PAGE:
“This study was very well designed and adequately powered and well conducted, and we believe that it was a strong, perhaps definitive, test of the question at hand,” Kitzman commented. He added that it “should lead to a serious reconsideration of the guidelines perhaps to even include that this technique, this strategy, should not be routinely considered for HFpEF patients.”
The RAPID-HF Trial
Borlaug noted that prior studies have shown that patients with a reduced ability to increase their heart rate during exercise—ie, chronotropic incompetence—have worse exercise capacity. Exercise intolerance marked by dyspnea and fatigue is the main symptom in patients with HFpEF, roughly half of whom have chronotropic incompetence.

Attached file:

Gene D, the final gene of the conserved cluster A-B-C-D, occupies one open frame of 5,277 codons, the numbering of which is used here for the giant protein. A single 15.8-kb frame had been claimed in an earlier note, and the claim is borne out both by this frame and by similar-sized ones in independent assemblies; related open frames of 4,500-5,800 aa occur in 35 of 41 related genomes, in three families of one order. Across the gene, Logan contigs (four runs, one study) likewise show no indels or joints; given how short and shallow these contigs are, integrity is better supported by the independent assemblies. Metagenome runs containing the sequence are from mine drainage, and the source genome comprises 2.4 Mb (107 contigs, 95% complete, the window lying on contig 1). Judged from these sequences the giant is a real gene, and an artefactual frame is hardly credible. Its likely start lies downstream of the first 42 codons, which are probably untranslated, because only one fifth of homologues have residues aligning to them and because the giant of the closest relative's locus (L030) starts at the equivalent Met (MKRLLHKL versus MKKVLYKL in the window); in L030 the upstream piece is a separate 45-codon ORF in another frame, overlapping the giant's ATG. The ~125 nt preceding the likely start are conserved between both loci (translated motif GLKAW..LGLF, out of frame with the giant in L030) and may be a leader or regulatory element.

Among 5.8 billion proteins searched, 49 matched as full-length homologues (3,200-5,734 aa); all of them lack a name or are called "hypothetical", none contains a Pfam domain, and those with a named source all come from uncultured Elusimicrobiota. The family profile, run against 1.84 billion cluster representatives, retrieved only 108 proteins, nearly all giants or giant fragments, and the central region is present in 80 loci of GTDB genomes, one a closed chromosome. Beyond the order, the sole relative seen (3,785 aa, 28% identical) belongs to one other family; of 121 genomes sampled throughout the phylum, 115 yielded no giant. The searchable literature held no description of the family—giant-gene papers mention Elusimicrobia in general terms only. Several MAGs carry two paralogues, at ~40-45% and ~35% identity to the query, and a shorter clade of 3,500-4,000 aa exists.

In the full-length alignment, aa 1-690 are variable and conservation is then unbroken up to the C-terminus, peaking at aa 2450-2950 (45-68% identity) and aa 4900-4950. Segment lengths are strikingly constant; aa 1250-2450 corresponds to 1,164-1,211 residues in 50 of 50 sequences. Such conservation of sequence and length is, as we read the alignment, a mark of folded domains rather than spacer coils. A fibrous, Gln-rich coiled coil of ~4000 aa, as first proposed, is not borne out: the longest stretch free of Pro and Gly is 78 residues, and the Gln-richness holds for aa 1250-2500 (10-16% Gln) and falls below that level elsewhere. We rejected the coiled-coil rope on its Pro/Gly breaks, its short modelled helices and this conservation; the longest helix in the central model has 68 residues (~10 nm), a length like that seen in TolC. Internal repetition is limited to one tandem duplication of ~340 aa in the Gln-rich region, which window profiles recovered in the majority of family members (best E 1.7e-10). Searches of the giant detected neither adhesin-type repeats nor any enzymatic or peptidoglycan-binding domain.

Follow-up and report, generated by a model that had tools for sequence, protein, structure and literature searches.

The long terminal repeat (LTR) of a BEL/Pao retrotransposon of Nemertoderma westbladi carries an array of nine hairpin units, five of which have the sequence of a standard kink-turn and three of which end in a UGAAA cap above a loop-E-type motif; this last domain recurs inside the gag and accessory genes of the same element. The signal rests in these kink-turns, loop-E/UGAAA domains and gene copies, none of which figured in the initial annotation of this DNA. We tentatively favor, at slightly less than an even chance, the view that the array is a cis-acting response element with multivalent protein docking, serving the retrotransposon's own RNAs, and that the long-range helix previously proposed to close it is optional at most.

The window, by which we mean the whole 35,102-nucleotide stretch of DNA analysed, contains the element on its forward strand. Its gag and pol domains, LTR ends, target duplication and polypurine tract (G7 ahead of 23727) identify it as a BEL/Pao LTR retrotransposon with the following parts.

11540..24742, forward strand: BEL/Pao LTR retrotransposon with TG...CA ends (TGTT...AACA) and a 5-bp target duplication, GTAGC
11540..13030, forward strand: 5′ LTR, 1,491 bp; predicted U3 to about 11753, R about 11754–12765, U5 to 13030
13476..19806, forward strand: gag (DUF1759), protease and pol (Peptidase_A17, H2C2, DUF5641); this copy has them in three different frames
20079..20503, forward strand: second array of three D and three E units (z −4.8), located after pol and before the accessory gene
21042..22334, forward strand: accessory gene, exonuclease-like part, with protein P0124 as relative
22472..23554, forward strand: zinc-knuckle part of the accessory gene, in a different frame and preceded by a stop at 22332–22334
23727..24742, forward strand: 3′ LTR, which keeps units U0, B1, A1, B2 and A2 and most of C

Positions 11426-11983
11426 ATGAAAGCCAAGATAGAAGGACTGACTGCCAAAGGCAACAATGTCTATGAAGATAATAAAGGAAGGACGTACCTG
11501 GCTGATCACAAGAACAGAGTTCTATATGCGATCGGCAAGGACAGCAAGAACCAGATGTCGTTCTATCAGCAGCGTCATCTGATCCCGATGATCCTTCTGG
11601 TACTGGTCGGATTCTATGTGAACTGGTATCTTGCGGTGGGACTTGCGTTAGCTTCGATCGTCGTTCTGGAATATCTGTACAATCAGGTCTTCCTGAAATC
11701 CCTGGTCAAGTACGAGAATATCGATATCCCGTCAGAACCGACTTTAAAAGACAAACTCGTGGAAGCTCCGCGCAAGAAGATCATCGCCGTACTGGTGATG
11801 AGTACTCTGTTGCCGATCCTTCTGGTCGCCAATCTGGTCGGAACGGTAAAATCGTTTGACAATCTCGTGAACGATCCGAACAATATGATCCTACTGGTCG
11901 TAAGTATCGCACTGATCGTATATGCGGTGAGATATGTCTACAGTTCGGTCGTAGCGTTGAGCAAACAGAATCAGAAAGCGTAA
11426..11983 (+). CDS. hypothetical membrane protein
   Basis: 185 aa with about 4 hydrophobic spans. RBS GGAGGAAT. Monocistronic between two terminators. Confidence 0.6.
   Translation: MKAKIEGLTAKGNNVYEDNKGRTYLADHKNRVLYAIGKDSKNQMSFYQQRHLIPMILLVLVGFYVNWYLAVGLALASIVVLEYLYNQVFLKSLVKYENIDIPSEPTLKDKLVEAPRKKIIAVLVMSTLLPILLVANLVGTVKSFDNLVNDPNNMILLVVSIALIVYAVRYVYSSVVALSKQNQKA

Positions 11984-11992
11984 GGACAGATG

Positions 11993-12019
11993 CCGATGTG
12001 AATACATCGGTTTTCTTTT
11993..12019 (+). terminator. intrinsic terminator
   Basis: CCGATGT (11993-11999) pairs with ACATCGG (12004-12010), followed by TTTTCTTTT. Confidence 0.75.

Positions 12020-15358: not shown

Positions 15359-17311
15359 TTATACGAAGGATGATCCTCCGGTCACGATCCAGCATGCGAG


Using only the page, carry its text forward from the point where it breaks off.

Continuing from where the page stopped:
In the single-center RAPID-HF trial, the investigators tested whether increasing exertional heart rate during exercise through rate-adaptive pacing would improve exercise performance in patients with HFpEF. They recruited 29 patients with HFpEF (LVEF > 40%), NYHA class II/III symptoms, chronotropic incompetence, and no other indications for pacemaker implantation. Mean patient age was 66, and 45% of participants were women. Average LVEF was about 62%.
After patients had recovered from pacemaker implantation, they were randomized to 4 weeks of having atrial pacing on or off. After a 4-week washout period, they were crossed over to the other pacing status for another 4 weeks.